I hope it's not controversial that I posted this opinion. I just think certain hair types have certain advantages. FWIW, I don't think type 4 hair is meant to be straight. Most straightened type 4 hair looks a mess to me.

Vermelha
November 23rd, 2010, 01:25 PM
Depending on the hair type, cutting may not be necessary. I have known of at least a few people with type 4 hair who simply picked out their dreads using conditioner and a tail comb. It's when the dreads are loaded with awful gunk that picking them out becomes impossible.Again depends on the hair type. I think that dreads are better suited to tightly curled hair because the spirals lend themselves well to forming tight, even dreads. Most type 4s I know have gorgeous dreads with minimal effort. Straighter hair types are not really meant for dreads, and making dreads formed of straight hair look neat can be quite a chore. I had an acquaintance in college with type 1a/b hair, and she was constantly rolling her dreads between her hands (imagine trying to eat around her!) in order to make them "mature". Well, her dreads still looked a mess after 4 years of her rolling, twisting, waxing, oiling, and waiting for them to "mature".

I hope it's not controversial that I posted this opinion. I just think certain hair types have certain advantages. FWIW, I don't think type 4 hair is meant to be straight. Most straightened type 4 hair looks a mess to me.

I agree with you. I mean, if you can successfully do it, more power to you. But if your hair just wasn't made for it, just accept it and move on. I've seen some type 1s and 2s (and many 3s) do it successfully...but I've seen even more who have twisted them off, damaged them or still haven't matured after like 4 years...

If anyone gets dreads, learn what decent dreads are supposed to look like first. There are locticians (professional dread stylists) who can assess whether your hair type is appropriate for dreads and how long it would take you to reach maturity. If it takes someone 4 years and their dreads still haven't matured, I'm sorry, but let. it. go...

Also, I'm not sure if people can get mad about the religious aspect of it. People wore dreads all over the world, so it's hard to say to whom or where it originated. That's like saying, "Well, you can't have long hair because our race/religion has long hair and that would be an insult to us because you aren't one of us." That's a very...er..."retro" way of thinking, but that is my two cents because this thread was opened for everyone's opinion ;)

Ludde
November 28th, 2010, 12:02 AM
In a community as the LHC, where we are really getting to understand the diversity of human hair and how many different ways you can keep it in a good condition, and where we all have agreed to abide by the LHC concept of KNIT to try to avoid clashes between so many people from so many different cultures I fail to see the need to judge and grade completely different hairtextures as if they were all the same. Different types of hair need different types of solutions to knot, and within that you can knot and care for knotted hair in several different ways. And why would anyone want to grade a knitted sweater before it is finished?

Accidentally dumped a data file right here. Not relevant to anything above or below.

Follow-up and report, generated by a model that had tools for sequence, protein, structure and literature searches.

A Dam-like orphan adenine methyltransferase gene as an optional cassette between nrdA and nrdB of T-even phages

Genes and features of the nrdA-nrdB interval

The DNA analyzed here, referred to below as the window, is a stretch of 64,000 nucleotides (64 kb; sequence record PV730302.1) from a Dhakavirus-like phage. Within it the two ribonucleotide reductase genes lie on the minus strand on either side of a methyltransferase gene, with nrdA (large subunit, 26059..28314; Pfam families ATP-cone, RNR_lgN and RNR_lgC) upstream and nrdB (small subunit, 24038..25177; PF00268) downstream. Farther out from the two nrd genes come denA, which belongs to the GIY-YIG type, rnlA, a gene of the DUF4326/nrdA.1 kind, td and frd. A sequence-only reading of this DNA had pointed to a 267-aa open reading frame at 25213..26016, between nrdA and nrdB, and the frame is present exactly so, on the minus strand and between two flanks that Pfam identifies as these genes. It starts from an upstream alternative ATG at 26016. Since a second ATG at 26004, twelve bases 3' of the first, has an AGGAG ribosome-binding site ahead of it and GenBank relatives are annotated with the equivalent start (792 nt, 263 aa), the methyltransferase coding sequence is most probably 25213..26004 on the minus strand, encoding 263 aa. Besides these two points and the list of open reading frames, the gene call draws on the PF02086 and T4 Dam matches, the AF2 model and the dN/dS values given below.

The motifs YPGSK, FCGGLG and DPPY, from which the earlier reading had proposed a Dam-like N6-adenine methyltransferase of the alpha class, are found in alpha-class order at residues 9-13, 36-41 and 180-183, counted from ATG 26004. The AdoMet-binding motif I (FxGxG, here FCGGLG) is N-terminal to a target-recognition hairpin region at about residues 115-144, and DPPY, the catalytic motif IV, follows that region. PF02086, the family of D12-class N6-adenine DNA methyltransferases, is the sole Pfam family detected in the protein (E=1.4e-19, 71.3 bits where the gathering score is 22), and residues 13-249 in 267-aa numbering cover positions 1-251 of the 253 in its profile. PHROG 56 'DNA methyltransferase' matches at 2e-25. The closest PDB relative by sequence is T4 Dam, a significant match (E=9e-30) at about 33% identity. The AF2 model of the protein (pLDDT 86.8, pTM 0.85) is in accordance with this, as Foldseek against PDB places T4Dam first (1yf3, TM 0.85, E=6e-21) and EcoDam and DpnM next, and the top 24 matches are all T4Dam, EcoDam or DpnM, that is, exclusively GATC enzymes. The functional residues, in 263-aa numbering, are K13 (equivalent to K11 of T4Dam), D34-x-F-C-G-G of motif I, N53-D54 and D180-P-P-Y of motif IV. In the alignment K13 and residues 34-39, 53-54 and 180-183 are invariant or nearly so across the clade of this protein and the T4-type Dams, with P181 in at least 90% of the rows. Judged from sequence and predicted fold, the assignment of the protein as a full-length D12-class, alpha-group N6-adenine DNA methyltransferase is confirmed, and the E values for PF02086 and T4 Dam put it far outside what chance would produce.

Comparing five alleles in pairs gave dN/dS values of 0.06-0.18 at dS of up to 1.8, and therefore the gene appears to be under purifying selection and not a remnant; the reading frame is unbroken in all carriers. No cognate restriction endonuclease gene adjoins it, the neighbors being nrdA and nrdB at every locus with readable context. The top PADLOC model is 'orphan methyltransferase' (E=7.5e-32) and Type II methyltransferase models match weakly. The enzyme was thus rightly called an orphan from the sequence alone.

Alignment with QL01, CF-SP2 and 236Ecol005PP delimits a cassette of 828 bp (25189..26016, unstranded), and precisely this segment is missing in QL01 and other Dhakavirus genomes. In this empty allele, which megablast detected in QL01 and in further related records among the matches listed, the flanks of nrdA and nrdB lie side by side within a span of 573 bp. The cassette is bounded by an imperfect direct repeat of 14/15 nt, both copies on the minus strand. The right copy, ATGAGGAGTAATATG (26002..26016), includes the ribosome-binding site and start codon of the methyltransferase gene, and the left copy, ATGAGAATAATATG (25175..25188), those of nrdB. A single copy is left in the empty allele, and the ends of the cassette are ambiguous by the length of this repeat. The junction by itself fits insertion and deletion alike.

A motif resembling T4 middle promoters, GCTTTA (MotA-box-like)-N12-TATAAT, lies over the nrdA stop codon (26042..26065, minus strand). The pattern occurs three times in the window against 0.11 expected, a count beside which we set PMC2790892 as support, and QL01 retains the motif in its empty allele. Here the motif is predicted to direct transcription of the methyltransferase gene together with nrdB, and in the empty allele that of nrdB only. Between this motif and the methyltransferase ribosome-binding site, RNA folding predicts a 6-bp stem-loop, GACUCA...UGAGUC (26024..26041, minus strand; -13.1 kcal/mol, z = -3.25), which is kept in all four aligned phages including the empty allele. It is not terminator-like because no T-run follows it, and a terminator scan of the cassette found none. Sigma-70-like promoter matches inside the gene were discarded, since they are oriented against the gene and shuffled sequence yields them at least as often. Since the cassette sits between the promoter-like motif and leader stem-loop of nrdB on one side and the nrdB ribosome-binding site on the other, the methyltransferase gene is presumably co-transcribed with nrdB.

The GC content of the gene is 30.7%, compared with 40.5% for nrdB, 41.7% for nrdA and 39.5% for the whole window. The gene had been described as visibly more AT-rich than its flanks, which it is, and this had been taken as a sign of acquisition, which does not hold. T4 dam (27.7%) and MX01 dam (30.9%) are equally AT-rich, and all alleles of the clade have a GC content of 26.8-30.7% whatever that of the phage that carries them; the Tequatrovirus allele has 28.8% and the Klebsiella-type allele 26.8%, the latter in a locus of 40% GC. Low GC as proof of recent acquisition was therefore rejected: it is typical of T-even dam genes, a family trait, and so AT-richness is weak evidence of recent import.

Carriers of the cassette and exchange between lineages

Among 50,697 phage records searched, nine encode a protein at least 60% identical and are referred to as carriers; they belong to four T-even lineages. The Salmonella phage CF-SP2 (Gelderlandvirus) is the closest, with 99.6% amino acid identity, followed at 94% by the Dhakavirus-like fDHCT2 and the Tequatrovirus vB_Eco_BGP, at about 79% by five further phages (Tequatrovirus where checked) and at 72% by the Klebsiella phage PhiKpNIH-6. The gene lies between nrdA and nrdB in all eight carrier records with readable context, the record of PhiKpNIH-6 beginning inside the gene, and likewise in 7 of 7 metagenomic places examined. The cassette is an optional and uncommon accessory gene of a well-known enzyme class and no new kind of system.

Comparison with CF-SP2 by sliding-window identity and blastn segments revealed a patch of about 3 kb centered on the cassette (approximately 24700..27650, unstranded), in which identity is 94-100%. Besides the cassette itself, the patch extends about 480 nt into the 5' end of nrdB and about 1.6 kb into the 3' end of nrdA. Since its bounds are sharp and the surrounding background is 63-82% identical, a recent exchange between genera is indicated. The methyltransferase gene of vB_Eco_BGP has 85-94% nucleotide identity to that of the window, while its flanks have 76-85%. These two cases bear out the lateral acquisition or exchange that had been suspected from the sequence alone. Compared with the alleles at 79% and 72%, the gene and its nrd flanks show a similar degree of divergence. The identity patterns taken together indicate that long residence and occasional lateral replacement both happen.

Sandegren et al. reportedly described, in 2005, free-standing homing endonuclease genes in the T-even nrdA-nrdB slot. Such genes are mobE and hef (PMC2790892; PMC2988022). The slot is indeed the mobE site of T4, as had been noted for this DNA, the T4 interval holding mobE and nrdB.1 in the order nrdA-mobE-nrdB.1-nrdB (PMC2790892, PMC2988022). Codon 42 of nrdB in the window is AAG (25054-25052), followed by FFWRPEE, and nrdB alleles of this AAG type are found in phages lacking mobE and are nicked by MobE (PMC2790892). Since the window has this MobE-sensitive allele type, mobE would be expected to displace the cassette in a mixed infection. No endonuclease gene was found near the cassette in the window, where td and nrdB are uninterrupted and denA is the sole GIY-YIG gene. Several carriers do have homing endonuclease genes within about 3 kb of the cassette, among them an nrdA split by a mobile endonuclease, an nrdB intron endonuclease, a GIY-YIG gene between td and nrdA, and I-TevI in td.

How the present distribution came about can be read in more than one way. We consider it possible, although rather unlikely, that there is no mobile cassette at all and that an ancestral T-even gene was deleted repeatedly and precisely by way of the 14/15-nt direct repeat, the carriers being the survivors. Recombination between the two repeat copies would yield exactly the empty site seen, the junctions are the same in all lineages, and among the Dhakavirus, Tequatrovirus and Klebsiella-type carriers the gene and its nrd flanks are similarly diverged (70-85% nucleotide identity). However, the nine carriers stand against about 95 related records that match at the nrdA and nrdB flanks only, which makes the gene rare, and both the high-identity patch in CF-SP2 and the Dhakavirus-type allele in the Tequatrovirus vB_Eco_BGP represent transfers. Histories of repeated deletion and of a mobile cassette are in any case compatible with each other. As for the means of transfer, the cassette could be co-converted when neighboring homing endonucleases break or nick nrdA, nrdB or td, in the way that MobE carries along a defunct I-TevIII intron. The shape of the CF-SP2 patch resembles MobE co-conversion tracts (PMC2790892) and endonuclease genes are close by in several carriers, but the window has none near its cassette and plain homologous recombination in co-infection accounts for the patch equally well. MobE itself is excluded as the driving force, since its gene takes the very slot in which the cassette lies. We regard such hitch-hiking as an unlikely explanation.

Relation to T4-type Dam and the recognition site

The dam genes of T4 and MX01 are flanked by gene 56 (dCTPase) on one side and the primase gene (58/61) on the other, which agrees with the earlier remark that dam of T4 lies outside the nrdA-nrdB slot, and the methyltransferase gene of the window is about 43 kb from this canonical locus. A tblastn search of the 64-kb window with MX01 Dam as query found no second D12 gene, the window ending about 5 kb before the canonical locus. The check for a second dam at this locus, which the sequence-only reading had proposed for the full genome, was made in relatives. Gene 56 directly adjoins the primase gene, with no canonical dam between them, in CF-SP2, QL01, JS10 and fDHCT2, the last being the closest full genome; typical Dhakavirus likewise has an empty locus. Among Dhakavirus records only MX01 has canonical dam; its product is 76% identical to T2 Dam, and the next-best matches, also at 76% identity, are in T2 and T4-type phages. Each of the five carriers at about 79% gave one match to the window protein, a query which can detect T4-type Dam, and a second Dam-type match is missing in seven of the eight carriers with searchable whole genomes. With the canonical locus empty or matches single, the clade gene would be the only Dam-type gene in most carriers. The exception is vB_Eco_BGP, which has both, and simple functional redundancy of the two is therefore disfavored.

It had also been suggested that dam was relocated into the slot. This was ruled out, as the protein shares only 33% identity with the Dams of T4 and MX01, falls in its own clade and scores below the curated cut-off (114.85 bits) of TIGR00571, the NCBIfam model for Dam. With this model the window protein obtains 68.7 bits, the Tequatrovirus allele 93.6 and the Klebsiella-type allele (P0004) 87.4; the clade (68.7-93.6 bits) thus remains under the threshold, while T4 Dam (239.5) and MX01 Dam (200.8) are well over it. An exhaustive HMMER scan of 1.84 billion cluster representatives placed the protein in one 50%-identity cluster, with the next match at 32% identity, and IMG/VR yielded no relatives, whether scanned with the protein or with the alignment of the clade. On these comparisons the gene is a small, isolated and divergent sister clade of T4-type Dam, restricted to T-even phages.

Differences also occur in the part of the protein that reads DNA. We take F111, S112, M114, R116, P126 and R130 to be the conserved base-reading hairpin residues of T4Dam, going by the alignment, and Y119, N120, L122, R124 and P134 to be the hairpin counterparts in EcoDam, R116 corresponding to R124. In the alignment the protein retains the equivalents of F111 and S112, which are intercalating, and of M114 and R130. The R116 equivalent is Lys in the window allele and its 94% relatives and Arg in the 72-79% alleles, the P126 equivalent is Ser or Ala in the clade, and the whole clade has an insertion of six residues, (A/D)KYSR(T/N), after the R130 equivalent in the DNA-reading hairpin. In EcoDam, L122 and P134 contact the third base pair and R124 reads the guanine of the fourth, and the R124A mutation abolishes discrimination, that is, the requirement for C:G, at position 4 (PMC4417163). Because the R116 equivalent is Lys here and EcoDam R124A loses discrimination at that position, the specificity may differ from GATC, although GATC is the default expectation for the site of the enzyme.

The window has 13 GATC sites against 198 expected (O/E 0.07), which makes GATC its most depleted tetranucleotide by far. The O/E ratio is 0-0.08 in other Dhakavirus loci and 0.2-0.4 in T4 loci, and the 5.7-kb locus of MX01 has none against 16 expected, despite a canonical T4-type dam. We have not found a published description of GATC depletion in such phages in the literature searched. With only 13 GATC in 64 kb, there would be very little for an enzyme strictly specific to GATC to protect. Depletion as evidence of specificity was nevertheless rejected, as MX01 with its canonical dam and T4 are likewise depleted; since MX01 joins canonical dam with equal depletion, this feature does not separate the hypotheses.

Deborah
November 29th, 2010, 10:44 AM
I think dread-locked hair is extremely unattractive. Others are free to love or hate them as they choose.

MathnSkating
November 29th, 2010, 11:30 AM
Wow, I've learned more about dreadlocks in the past 15 minutes of reading this thread than in my entire life!

I have kind of a mix reaction to them. I think it has a lot to do with personal style. Some people can pull them off and others can't. I do like the look of the less natural forming dreadlocks apparently, though. Some of the photos were really gorgeous. The thinner dreads. I like hair to lay flat, personally, so it irritates me when it doesn't. I like symmetry. :cool: I've only know two people with dreads, well... Yeah. One I think it looks great the other I'm not so sure. But if they like them then that's great. Its just about personal style. I tend to be a bit more traditional. The two I know with dreads are a bit more, um, adventurous.

One downside I see though would be jobs. I'm pretty sure I would have a hard time finding a job if I had dreadlocks. But the same can be said for very obvious tattoos/piercings.

Different strokes, for different folks! I think that's how the song goes. :cheese:

chopandchange
November 29th, 2010, 11:32 AM
I think they look disgusting and unnatural.

claviculanoctis
November 29th, 2010, 12:01 PM
I personally enjoy the look of them, matched up great personalities ;) but would never do them on myself for fear of damage! I love the way hair(healthy; unhealthy is just one flying clump) whips around in the wind!

There are synthetic dreads in different sizes/lengths/colors that you can either clip or braid to your hair. Also a unique look BUT whip in the wind>clump in the wind.

MinderMutsig
November 29th, 2010, 12:17 PM
I have yet to meet someone with dreads that I don't smell before I see them. I know this isn't true for everyone with dreads and I have seen some pretty dreads on TV and online but the ones I've seen in real life so far are without exception gross, unkempt, smelly, dirty and just plain disgusting so I'm not a fan.

ravenreed
November 29th, 2010, 12:22 PM
Before people had combs and brushes available, dreaded hair was probably the norm. If I didn't brush or comb my hair several times a day, it would dread in no time. I am fighting against its natural tendency by preventing it from dreading.